RESULTS Rat toxicity of oxazolidinones. Linezolid, eperezolid, and PNU-100480 were shown to be essentially nontoxic in earlier rat studies (100 mg/kg twice daily, 30 days) (10, 14). However, some of the newer oxazolidinones with considerably enhanced antibacterial potency were observed to have significantly increased toxicity in rats. For example, the rat study with PNU140693 (2) was terminated at day 10 because of rat deaths. Four early deaths were also noted for PNU-141059. While cause of death was unknown, the animals displayed bone marrow atrophy, lymphoid atrophy, leukopenia, and decreased organ weights. An attempt to understand this increased toxicity in the rat led to the work presented below. Time course of incorporation and dose-response curves. Typical results are illustrated in Fig. 1 for rat heart mitochondria incubated with the antibiotic chloramphenicol or with the oxazolidinone eperezolid (PNU-100592). As shown, control incorporation in rat heart mitochondria was linear for at least 60 min. The vehicle (1.33% DMSO) did not have a significant influence on mitochondrial protein synthesis. Results were similar for rabbit heart and rat liver mitochondria, while rates of incorporation in rabbit bone marrow mitochondria were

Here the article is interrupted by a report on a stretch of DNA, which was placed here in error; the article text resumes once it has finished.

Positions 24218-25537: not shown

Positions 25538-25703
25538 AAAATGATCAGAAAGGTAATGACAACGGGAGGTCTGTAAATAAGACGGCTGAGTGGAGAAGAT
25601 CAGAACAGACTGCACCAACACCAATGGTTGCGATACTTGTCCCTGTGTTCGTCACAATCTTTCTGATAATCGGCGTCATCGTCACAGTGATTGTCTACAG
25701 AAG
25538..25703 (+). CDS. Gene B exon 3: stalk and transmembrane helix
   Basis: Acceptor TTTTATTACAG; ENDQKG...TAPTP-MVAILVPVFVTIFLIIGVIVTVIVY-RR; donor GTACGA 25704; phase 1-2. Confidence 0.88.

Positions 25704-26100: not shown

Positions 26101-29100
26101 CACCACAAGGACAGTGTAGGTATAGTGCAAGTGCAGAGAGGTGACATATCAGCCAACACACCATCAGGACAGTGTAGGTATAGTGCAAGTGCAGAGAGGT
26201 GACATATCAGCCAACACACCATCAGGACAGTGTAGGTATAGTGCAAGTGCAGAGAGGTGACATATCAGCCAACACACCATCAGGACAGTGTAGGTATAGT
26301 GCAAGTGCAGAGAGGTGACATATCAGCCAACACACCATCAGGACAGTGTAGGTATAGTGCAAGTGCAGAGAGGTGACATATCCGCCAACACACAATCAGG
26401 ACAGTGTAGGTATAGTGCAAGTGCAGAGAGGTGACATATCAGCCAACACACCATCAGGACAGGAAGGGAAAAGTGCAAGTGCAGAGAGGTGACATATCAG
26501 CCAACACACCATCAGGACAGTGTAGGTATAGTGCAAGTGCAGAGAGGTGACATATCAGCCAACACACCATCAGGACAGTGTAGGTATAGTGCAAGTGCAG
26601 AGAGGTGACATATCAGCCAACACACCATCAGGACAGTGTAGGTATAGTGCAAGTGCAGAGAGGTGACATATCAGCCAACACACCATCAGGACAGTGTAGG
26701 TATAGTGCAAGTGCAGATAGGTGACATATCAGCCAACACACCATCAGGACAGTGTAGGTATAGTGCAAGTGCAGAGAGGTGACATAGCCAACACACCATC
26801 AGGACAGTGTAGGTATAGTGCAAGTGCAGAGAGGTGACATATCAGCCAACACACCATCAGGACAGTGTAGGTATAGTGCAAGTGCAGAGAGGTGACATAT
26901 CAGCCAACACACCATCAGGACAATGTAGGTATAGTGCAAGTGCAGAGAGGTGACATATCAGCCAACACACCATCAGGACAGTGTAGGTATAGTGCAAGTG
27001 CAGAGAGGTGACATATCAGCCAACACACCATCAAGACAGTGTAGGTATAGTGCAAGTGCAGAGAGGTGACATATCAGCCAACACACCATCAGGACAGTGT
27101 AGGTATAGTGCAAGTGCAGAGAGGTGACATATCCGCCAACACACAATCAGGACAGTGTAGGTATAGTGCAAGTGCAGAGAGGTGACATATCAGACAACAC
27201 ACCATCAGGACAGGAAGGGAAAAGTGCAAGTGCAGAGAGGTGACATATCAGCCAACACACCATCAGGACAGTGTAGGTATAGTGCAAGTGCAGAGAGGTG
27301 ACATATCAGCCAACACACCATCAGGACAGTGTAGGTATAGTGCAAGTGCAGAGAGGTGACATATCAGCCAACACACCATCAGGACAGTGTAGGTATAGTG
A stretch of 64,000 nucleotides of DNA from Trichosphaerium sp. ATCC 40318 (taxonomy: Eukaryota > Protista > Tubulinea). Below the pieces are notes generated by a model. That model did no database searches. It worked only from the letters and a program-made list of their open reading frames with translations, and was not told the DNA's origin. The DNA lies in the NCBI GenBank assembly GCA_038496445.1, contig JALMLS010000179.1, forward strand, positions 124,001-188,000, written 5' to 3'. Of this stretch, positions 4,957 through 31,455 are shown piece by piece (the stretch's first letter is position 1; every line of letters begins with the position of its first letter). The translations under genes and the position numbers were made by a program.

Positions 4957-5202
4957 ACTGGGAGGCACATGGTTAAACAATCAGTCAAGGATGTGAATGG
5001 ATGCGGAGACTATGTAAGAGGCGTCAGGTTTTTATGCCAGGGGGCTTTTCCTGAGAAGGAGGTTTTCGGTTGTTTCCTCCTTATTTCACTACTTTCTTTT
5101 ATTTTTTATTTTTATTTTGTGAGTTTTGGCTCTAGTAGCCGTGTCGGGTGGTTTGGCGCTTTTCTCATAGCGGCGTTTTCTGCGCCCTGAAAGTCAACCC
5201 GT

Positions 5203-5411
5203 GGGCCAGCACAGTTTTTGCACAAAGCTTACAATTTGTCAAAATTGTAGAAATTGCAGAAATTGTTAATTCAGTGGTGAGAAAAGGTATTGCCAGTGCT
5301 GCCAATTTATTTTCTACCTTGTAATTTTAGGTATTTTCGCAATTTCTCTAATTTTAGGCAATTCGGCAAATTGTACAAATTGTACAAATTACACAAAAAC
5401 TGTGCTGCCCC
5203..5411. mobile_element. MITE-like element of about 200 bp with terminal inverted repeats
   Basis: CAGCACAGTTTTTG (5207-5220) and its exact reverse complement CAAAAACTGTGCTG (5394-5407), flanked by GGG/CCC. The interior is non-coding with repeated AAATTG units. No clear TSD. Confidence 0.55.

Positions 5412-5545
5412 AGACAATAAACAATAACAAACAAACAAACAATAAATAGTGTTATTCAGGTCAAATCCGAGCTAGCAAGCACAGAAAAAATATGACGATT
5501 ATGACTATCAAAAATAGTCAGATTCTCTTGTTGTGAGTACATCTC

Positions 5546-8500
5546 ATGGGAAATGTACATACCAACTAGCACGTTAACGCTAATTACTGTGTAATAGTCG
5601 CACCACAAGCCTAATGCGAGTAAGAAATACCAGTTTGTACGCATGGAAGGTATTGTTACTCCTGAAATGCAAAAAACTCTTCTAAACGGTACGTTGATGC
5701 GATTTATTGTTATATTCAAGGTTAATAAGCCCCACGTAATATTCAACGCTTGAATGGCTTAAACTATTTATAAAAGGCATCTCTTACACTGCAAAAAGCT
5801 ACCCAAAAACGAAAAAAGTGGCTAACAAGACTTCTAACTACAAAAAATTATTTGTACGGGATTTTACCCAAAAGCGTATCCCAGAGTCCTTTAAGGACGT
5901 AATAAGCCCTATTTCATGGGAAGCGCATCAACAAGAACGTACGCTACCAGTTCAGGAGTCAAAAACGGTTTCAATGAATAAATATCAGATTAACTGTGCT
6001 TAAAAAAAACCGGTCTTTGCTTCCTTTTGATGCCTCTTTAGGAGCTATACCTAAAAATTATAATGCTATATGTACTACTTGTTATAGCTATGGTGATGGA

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ANTIMICROB. AGENTS CHEMOTHER.

FIG. 2. Dose-response effects of classical antibiotics on mitochondrial protein synthesis. Isolated heart and liver mitochondria were incubated with various concentrations of each antibiotic as indicated. The rate of [35S]methionine incorporation was determined for each concentration and plotted as a function of antibiotic concentration as described in Materials and Methods. Each symbol represents a separate experiment. The filled symbols represent data from heart mitochondria, and the open symbols represent data from liver mitochondria.